Indicators such as the level of poverty, healthcare capacity, access to internet and social protection can portray how severe the effects of the COVID-19 crisis might be in each of 189 countries.
The pandemic has become more than a global health emergency, but a systemic human development crisis, already affecting the economic and social dimensions of development in unprecedented ways. Policies to reduce vulnerabilities and build capacities to tackle crises, both in the short and long term, are vital if individuals and societies are to better weather and recover from shocks like this.
Preparedness of countries to respond to COVID-19
The level of preparedness among countries depend on the level of development, inequalities, the capacity of a healthcare system and internet connectivity– to assess how well a nation can respond to the multiple impacts of a crisis like COVID-19.
While every society is vulnerable to crises, their abilities to respond differs significantly around the world. For instance, the most developed countries – those in the very high human development category- have on average 55 hospital beds, over 30 physicians, and 81 nurses per 10,000 people, compared to 7 hospital beds, 2.5 physicians, and 6 nurses in a least developed country.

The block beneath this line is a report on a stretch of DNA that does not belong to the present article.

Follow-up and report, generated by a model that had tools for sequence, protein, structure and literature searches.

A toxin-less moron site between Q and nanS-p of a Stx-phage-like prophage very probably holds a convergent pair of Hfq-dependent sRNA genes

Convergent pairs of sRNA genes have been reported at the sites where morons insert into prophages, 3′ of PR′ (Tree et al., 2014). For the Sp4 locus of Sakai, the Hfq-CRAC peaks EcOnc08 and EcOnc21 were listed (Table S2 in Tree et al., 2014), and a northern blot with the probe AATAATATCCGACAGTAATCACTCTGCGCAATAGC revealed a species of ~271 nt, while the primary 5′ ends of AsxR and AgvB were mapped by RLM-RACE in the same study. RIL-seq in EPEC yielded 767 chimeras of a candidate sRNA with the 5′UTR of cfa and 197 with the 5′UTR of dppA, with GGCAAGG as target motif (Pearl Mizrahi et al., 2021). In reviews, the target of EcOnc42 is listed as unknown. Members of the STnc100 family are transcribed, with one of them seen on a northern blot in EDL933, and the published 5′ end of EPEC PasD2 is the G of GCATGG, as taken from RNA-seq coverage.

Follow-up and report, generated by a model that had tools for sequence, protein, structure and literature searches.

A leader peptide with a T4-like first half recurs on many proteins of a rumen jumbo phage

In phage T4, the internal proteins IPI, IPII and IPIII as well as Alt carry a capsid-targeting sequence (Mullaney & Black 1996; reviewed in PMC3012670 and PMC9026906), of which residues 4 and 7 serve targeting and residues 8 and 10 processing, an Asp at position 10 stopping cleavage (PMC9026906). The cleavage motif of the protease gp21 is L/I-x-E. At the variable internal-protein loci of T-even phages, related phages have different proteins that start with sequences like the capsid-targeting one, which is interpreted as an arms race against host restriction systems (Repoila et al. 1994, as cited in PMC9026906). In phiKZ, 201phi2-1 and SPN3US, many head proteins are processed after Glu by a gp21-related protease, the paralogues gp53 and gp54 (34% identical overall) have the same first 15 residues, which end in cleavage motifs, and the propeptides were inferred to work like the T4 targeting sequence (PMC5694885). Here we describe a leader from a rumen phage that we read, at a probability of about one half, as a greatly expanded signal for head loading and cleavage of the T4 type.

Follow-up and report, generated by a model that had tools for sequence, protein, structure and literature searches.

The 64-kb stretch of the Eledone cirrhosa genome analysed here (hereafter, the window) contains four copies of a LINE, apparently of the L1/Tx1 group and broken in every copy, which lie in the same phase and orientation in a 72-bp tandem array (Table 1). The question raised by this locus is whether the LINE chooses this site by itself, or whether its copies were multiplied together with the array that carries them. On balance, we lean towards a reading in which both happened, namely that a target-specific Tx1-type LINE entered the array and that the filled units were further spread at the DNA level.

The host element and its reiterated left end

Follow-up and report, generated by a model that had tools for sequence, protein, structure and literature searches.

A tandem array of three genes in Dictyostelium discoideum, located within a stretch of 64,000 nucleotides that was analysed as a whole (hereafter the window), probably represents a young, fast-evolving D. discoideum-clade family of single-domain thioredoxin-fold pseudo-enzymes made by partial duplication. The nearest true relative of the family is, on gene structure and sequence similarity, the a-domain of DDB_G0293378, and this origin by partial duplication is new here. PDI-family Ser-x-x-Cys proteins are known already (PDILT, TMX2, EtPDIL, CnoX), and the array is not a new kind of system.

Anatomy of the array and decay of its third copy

And with widespread lockdowns, the digital divide has become more significant than ever. With 6.5 billion people around the globe, 85.5 percent of the global population still do not have access to reliable broadband internet, which limits their ability to work and continue their education.
Vulnerabilities of countries in crisis like COVID-19
Preparedness is one thing. But, once a crisis hits, how vulnerable are countries to the fallout? Those already living in poverty are particularly at risk. Despite recent progress in poverty reduction, about one in four people still live in multidimensional poverty or are vulnerable to it, and more than 40 percent of the global population does not have any social protection.
The COVID-19 pandemic has reminded the world at large that disruptions in one place are contagious, triggering problems elsewhere. For instance, some countries depend majorly in remittances whilst others depend on tourism which injects a bigger chunk to their GDP, hence the need for a collaborative approach towards containing and totally eradicating the virus.